Remaking of China's economy

DANCING TO A DIFFERENT TUNE: China's government said it is willing to accept slower economic growth as it makes structural reforms, including a shift to domestic consumption instead of government-led investment. The reform promises come despite a slowing domestic economy, which expanded 7.7 per cent last year.


    Sep 20, 2013

    Remaking of China's economy

    LONG after concerns about US monetary policy have faded, a more profound issue will still dog global policymakers: how to handle the second stage of China's economic revolution.

    The first phase, industrialisation, shook the world.

    Commodity-producing countries boomed as they fed China's endless appetite for natural resources. Six of the 10 fastest-growing economies last decade were in Africa.

    China's flood of keenly priced manufactured goods hollowed out jobs in advanced and emerging nations alike but also helped cap inflation and made an array of consumer goods affordable for tens of millions of people for the first time.

    The second stage of China's development promises to be no less momentous.

    Consumption will take over the growth baton from investment. Services will grow as a share of the economy, while industry shrinks. Commodity-intensive mass manufacturing based on cheap labour will give way to greener, cleaner ways of making things.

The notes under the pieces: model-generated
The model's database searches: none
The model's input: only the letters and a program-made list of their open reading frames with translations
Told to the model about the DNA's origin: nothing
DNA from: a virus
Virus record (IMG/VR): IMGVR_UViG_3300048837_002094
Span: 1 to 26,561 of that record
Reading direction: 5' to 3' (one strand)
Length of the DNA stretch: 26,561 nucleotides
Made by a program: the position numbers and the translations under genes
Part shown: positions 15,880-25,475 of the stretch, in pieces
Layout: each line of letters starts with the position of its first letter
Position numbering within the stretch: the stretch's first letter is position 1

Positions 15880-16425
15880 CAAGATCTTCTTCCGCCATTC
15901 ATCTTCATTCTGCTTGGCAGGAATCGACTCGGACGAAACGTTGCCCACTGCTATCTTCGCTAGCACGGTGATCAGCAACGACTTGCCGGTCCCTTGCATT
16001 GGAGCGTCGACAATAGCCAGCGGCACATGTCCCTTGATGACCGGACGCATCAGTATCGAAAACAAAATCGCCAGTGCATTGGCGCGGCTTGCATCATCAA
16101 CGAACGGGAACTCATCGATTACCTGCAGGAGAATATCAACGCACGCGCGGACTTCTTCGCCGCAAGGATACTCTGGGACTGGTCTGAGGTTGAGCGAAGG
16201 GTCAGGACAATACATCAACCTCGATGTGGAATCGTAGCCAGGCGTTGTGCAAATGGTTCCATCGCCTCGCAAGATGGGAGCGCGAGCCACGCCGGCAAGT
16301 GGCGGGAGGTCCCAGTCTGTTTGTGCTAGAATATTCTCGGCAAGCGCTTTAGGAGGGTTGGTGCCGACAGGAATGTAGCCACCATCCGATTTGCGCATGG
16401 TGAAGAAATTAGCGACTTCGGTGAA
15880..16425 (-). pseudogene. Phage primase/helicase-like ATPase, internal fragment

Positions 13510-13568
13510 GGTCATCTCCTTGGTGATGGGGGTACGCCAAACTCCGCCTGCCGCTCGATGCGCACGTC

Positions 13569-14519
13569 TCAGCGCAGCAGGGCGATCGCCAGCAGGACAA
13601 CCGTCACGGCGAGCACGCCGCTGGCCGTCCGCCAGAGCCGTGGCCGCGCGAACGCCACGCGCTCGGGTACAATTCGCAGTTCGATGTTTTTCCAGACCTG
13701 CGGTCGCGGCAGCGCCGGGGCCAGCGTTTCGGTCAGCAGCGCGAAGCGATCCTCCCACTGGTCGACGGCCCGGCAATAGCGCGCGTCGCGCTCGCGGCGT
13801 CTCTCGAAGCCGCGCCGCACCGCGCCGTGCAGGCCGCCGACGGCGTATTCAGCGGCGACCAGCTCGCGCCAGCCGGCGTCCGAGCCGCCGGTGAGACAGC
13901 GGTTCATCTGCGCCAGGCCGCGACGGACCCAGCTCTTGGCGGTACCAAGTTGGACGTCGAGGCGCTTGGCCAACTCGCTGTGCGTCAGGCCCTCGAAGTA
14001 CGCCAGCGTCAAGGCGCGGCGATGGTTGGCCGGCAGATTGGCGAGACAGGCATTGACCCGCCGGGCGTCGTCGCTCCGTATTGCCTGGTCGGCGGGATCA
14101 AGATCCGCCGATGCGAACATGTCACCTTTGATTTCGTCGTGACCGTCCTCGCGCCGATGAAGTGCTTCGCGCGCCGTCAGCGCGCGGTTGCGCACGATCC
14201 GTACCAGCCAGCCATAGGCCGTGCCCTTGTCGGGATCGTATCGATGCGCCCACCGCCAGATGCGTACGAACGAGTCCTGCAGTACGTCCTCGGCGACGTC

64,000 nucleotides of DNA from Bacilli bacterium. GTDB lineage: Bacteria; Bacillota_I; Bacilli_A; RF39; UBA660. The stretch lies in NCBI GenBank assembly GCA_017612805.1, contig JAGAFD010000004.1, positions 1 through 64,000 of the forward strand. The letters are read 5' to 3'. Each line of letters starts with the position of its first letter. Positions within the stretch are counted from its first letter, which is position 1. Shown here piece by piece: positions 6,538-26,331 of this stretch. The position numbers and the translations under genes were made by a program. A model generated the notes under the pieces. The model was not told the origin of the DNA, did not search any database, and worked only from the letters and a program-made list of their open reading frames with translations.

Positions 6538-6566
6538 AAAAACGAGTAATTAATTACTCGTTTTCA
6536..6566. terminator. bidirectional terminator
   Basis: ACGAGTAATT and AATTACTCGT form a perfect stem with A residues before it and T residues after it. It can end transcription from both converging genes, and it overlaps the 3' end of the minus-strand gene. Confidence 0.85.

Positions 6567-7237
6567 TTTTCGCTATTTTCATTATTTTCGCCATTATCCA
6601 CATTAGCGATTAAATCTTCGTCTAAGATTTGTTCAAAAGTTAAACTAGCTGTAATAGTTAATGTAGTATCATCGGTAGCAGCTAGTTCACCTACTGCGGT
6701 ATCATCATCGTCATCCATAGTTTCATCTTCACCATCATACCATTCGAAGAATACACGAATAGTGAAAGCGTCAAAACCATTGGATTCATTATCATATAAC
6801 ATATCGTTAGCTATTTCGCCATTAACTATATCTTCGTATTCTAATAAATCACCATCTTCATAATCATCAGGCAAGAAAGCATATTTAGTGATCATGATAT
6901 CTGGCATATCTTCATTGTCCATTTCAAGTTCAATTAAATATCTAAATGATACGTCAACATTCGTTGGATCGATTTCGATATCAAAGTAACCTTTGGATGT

That's the plan, anyway.

    China will remain the most powerful engine of global growth for the next couple of decades, said Dr Li Jian of the Chinese Academy of International Trade and Economic Cooperation, the Commerce Ministry's think-tank.

    "China has realised that it cannot blindly rely on investment and exports as the main drivers of growth. So China's demand will be more balanced," said Dr Li.

    A lot is at stake for the global economy too.

    Dr Philip Schellekens, an economist with the World Bank in Washington, said the importance of the reforms Beijing intends to make cannot be overstated.

    "The structural transformations that we think are going to happen in China over the next two decades will matter far more than the near-term vulnerability," he said.

    On balance, commodity-exporting developing economies stand to be affected more than rich nations.

    Economists fret that too many emerging markets spent their windfalls from surging raw-material prices instead of ploughing them into infrastructure and other investments.

    China's appetite for agricultural commodities and energy should hold up well but Capital Economics, a London consultancy, said it was concerned about large metal exporters that have not saved their extra income and so are running current-account deficits. It singled out South Africa, Zambia, Chile and Peru as being particularly vulnerable.

    In the case of advanced economies, China's transition is a double-edged sword, according to Mr He Yifeng, an analyst at Hongyuan Securities in Beijing.

    "For the United States and Europe, China's rebalancing could create more competition for them. But they can take the initiative by focusing on the higher end of the value chain, relying on knowledge and technology exports," he said.